WALKING BACK INTO THE SUBURBS OF HELL


                                          An aside on wisecracking in early Macdonald


The title of this post is taken from the last line of chapter nine; Weather has been driven to the edge of town, beaten unconscious and dumped into a ditch by Moffat, a corrupt cop.  We he comes to, he finds that Moffat robbed him as well.

Without histrionics, Weather dusts himself off and starts walking straight back into town.

It’s a powerful, understated moment that reveals Weather’s determination at one of his lowest moments in the book.  And a few lines later, when Weather catches a bus, Macdonald trashes the atmosphere with the following gratuitous exchange when questioned by a fellow-passenger:

“Say, haven’t I seen you somewhere before?”

“Never,” I said. “I just arrived from South Africa where my father owns the Kimberley Diamond Mines.  His name, curiously enough, is Jan Christian Smuts.

         We all learn by imitation, even artists.  Despite their later falling out, Macdonald always admired Chandler’s style.  Macdonald’s attitude toward Hammett went beyond admiration—Blue City is a love letter to the Hammett of Red Harvest.   The senior writers both allowed their respective detectives wry observations and even wisecracks, especially in the presence of the police.  Such language has its place:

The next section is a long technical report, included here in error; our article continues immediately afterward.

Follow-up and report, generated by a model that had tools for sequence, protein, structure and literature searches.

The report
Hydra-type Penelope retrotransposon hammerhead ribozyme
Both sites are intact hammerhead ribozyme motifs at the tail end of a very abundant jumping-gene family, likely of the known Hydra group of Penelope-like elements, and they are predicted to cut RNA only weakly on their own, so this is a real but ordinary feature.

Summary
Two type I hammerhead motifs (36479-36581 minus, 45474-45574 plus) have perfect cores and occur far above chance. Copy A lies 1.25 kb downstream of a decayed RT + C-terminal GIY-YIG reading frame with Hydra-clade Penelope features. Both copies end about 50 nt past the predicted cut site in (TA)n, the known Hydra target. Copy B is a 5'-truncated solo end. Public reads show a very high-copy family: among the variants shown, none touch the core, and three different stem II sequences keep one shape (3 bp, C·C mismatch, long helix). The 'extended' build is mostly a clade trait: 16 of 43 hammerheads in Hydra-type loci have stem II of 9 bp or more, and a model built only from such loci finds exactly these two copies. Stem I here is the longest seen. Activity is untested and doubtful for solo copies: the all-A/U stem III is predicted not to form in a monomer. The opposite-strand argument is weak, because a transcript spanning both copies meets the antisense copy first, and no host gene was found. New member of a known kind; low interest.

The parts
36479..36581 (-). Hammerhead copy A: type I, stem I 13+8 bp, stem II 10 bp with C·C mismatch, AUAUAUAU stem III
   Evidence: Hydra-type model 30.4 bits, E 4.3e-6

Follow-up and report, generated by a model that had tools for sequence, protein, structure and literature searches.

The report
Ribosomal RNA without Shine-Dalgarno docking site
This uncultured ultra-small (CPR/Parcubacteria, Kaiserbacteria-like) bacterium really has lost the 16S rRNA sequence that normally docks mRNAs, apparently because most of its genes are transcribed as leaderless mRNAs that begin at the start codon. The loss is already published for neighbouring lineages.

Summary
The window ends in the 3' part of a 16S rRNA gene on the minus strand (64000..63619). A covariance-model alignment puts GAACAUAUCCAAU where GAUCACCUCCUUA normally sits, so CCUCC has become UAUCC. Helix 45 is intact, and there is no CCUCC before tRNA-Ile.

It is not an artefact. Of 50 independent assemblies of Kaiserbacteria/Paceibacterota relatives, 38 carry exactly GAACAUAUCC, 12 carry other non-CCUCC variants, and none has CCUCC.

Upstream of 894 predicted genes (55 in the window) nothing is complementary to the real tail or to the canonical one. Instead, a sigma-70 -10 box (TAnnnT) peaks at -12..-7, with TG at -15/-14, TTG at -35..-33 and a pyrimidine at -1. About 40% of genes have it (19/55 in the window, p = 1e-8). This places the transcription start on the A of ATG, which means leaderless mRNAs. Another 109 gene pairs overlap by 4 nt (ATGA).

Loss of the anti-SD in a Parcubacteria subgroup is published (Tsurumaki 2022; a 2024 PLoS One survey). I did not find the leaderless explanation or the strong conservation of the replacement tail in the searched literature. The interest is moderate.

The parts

• It establishes the autonomy and authority of the detective.
  • It breaks tension.
  • It can provide ironic commentary on the action.
  • It provides time for the detective to think of a substantive response.
  • Conversely, it may distract the other party and divert them from their agenda.

The wisecrack has so many uses that it quickly became a trope in hard-boiled writing, with some writers wielding the tool better than others.  In his mature books Archer can wisecrack with the best of them.  Lew Archer seldom reaches the easy patter of Sam Spade, or Marlowe at his best, but Archer brings an appropriate level of dry, ironic humor to the table.

In the early books, Macdonald is still learning, and his ridiculous overuse of wisecracks is a clear weakness in his writing.  Macdonald’s early works are novels without restraint.  He seldom knows when to temper his language, and the wisecracks are where his lack of control is most obvious.  But trust me, soon enough he will get much better.

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